By Gerry Power, Access Librarian, May 2008. Updated by Heather Memess, Legal Research Support Librarian,
September 2011.


The IALS Library has a comprehensive collection of primary and secondary material for Canada as a whole, with, in addition, significant holdings for the Canadian provinces and territories. 

Canada consists of ten provinces and three territories.  The provinces are: British Columbia, Alberta, Saskatchewan, Manitoba, Ontario, Québec, New Brunswick, Nova Scotia, Prince Edward Island, and Newfoundland and Labrador.  The three territories are: Yukon Territory, Northwest Territories and Nunavut.


Among the key constitutional characteristics of  Canada, as discussed by Monahan (Monahan, P. (2002) Constitutional law. 2nd ed. Irwin Law, pp.11-17) are:

  • Canada is a federal state with a distribution of legislative power between the Federal Parliament and the provincial legislatures.
  • Canada is a constitutional monarchy.  The Queen (the UK Monarch) is the Head of State, but the Governor General of Canada is the Queen’s representative in Canada.
  • Canada guarantees individual and group rights.

The Constitution of Canada includes

    • the Constitution Act, 1867, (previously known as the British North America Act, 1867), and
    • The Constitution Act, 1982, being Schedule B to the Canada Act 1982 (U.K.), 1982, c. 11, and including the Canadian Charter of Rights and Freedoms

Print sources of the Constitution include the Statutes of Canada, and Laskins Canadian Constitutional Law (1986), published by Carswell. 

Electronic sources are best for the most up-to-date versions: CANLII and Hein Online, which has the Constitution Acts, 1867 to 1982, as amended to 1999, available in English and French.

Canada has two official languages: English and French.  Some published series give parallel texts in English and French, e.g. the Canada Gazette, the Supreme Court Reports, and the Federal Courts Reports.  Many primary and secondary sources for the province of Québec are in French.  The IALS Library catalogue will generally indicate the language of a particular series or other publication.  A quick search of the catalogue reveals that approximately one seventh of our holdings for Canada are in French.

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The Constitution Act 1867 provides for the distribution of legislative powers between the Federal Parliament and the provincial legislatures.  In brief, the Parliament of Canada makes laws concerning peace and order, the regulation of trade and commerce, the postal service, employment, the military and the navy, banking, and other issues.  The provincial legislatures make laws concerning provincial taxation, prisons, marriage, property in the province, civil rights, etc.

Print sources of federal legislation include

Revised Statutes of Canada: consolidations of 1886, 1927, 1952, 1970, and 1985 and see also the Canada Statute Citator.  The RSC has now ceased publication.

Canada Statutes / Statutes of Canada, annual volumes, since 1840.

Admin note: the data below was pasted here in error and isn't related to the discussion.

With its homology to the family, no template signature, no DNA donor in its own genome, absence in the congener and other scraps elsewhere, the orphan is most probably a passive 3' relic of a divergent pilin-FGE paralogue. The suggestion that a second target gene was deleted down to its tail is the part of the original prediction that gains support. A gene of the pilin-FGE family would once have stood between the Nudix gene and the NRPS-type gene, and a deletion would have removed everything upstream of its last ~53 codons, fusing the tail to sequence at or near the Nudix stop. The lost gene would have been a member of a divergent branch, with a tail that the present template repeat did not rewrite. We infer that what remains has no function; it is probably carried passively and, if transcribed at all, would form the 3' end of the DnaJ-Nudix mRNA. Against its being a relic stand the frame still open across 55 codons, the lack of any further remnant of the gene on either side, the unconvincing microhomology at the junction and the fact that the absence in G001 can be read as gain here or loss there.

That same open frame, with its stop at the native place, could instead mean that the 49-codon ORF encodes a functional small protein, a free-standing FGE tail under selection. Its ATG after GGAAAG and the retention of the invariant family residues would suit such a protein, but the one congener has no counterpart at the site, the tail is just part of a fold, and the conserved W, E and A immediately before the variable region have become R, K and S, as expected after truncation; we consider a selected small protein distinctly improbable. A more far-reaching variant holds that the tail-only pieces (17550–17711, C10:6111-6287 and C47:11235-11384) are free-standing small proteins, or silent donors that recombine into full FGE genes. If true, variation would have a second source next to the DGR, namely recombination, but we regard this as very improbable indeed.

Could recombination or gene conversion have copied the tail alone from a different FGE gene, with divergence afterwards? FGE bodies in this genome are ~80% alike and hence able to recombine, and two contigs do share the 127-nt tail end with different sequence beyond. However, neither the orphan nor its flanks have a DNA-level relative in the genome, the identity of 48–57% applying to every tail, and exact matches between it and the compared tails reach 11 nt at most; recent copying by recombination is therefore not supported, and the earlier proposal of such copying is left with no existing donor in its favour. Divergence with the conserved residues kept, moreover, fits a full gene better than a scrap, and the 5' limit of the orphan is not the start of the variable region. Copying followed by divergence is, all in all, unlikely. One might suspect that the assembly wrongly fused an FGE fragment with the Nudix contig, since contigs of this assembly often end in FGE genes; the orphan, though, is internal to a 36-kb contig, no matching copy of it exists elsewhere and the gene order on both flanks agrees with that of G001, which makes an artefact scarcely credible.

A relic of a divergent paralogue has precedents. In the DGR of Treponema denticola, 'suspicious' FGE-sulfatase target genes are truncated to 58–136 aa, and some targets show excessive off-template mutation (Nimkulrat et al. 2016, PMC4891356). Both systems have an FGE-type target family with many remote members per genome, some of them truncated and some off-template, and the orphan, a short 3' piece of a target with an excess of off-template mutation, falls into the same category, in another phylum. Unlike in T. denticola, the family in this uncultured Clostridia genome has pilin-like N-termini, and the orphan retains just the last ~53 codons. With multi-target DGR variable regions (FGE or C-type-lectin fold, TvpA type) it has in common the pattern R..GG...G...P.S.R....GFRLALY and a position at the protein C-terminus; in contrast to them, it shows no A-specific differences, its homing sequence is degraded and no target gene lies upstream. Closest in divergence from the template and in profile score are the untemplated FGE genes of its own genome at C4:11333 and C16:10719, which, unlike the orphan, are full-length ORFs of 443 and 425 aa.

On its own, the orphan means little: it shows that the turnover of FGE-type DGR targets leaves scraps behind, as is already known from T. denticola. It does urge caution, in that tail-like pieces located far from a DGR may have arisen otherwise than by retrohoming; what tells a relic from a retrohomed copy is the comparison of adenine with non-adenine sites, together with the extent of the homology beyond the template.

Orders in Council for 1874 and 1889

Statutory Orders and Regulations: consolidations of 1949, 1955 and 1978, and annual vols from 1947

Also of note for historial purposes, IALS has War Proclamations, 1914-1918, and War Orders and Regulations 1942-1945

Electronic sources of federal legislation

Federal legislation is also published on CANLII, the Canadian Legal Information Institute. CANLII aims to make Canadian law available for free on the internet.  It is a non-profit organisation created by the Federation of Law Societies of Canada, and is funded by member societies.  The website is produced by the legal technologies firm LexumThe federal legislation available on CANLII includes the Constitution, the Consolidated Statutes of Canada, and the Consolidated Regulations of Canada.  CANLII's interface supports browsing and searching of the content, with tips on advanced searching.  The federal statutes and regulations are reproduced on CANLII with the permission of the Department of Justice.  English and French versions of CANLII are available.

The Consolidated Acts and Regulations of Canada are also available in English and French on the Laws site of the Canadian Department of Justice, as are the Constitution, the Canadian Charter of Rights and Freedoms, and the Annual Statutes.  From June 1, 2009, the consolidated Acts and Regulations on the Justice Laws website are considered to be the "official" versions.  The Justice Laws website offers simple searching and an advanced search for point-in-time access.  The data is frequently updated.

Legislation of the Provinces and Territories

IALS has good representative holdings of legislation for the provinces and territories, as illustrated in this table:

Province / Territory Legislation Series Note
British Columbia

Revised statutes of British Columbia, 1979-1981 consolidation. 

Statutes of British Columbia, annual volumes, to 2002.

Previous consolidations are in the reserve collection.

Citators include the British Columbia statute citator, 1996-, and

Statutes of British Columbia judicially considered, 1979-, looseleaf